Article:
Hiperbaric to Introduce New HPP Verification Program

ColdPress_logo_CMYK_highHiperbaric, a manufacturer of high pressure processing (HPP) equipment, is readying the launch of a new HPP verification program. The “Cold Pressure Verified” program establishes a set of criteria for implementation of HPP, a non-thermal safety method that uses high pressure to preserve packaged foods and beverages. Participating companies will be able to use a Cold Pressure Verified seal on labels and other marketing material.

Intended to increase consumer awareness and education of HPP, including differences from other safety processing methods, such as pasteurization, the program will be open to any companies that use HPP. In a call with BevNET, Joyce Longfield, an applications and regulatory specialist for Hiperbaric, said that the program will require companies to submit their validation studies for HPP and undergo an annual third-party audit to ensure compliance of guidelines and standards. Participants must also pay a $500 fee each year.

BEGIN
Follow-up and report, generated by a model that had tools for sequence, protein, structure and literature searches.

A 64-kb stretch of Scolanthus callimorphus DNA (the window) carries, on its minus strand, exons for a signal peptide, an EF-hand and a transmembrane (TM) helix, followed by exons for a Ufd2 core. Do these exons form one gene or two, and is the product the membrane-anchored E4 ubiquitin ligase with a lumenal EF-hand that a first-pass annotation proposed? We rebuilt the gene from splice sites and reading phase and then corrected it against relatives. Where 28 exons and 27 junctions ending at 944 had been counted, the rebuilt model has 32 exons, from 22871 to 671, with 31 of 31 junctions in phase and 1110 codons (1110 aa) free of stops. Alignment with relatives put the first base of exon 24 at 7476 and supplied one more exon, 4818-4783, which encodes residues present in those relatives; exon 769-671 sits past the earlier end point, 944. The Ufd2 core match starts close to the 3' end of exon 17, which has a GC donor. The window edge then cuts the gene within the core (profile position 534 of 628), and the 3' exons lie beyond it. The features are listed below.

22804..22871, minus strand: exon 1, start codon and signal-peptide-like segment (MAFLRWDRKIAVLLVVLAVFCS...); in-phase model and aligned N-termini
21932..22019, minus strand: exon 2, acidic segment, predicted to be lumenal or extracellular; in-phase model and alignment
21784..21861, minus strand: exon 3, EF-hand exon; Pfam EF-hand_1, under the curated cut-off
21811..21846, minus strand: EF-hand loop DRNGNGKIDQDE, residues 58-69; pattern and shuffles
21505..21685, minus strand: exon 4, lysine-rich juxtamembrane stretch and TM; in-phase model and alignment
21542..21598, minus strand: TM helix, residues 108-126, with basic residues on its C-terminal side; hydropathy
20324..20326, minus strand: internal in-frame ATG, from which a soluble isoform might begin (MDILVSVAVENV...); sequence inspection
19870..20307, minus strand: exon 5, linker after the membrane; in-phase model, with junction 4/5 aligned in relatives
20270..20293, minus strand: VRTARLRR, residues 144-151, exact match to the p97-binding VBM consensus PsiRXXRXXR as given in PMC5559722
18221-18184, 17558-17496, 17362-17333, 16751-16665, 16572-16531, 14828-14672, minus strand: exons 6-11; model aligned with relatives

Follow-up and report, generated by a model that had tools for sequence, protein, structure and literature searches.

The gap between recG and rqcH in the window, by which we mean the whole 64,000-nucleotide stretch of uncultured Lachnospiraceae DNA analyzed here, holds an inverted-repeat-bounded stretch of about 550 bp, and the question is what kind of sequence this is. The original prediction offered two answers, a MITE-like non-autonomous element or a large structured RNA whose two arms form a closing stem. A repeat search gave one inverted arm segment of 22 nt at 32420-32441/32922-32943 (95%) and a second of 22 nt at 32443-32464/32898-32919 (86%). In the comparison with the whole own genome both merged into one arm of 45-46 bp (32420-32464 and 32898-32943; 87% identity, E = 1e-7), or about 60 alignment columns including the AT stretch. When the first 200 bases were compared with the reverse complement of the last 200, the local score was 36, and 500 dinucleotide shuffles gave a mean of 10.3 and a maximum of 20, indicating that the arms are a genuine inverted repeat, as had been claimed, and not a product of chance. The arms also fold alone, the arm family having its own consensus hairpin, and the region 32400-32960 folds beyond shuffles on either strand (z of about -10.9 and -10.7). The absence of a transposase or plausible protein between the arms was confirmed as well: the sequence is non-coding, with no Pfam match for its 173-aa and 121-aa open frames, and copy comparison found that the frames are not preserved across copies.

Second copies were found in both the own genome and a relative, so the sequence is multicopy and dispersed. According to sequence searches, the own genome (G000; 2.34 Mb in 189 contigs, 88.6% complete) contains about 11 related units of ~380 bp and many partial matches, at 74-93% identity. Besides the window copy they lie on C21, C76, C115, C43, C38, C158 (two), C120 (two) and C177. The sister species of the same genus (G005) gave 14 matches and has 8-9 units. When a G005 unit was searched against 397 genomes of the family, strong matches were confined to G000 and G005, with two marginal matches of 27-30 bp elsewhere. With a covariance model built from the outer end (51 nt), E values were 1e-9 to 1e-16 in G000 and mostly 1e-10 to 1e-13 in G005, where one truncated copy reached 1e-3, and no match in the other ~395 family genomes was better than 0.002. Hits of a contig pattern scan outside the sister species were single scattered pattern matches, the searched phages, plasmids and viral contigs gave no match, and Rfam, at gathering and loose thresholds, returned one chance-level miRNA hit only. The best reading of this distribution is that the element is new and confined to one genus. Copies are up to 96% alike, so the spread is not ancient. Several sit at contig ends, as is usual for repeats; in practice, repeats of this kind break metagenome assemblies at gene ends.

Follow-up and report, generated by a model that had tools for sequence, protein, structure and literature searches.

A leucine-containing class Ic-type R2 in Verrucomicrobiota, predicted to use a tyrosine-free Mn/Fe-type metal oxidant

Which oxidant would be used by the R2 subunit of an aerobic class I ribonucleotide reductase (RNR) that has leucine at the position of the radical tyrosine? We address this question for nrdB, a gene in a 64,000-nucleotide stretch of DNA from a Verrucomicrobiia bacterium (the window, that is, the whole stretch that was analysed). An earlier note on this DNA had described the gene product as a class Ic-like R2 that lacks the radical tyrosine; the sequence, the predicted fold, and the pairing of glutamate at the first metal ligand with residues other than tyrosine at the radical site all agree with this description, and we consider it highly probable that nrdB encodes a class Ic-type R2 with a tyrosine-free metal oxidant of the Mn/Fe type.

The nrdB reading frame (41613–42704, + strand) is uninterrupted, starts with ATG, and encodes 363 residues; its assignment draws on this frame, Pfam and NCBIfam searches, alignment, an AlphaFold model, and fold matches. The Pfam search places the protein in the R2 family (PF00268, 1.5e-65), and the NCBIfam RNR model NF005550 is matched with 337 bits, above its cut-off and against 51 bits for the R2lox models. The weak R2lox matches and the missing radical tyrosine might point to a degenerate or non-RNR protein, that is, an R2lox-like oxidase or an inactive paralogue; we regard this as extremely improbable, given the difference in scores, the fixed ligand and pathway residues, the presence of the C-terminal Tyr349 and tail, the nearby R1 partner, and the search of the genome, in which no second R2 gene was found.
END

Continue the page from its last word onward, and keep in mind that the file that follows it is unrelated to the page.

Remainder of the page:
Suja’s “Cold Pressured Protected” seal was the foundation for the new program. Hiperbaric acquired the seal and its assets, including a website, from the super-premium juice brand last year. Building upon what Suja had created, Hiperbaric drew inspiration from the Non-GMO Project in terms of the program’s structure and website, Longfield said.

Although the program is primarily funded by Hiperbaric, the equipment manufacturer wanted the website to be a source of education for consumers, not a platform for selling HPP machines. The website will include videos and other visual representations about HPP and how the safety processing method inhibits bacteria growth in raw foods.

“It’s not for the person intending to buy HPP equipment,” she said. “It’s not even really for the manufacturer of the food. The content is more to help the consumer understand, ‘why is this logo on my bottle?’ It’s really going to be the first of its kind in that it’s really a logo for food safety.”

The program will officially launch at the end of April, Longfield said.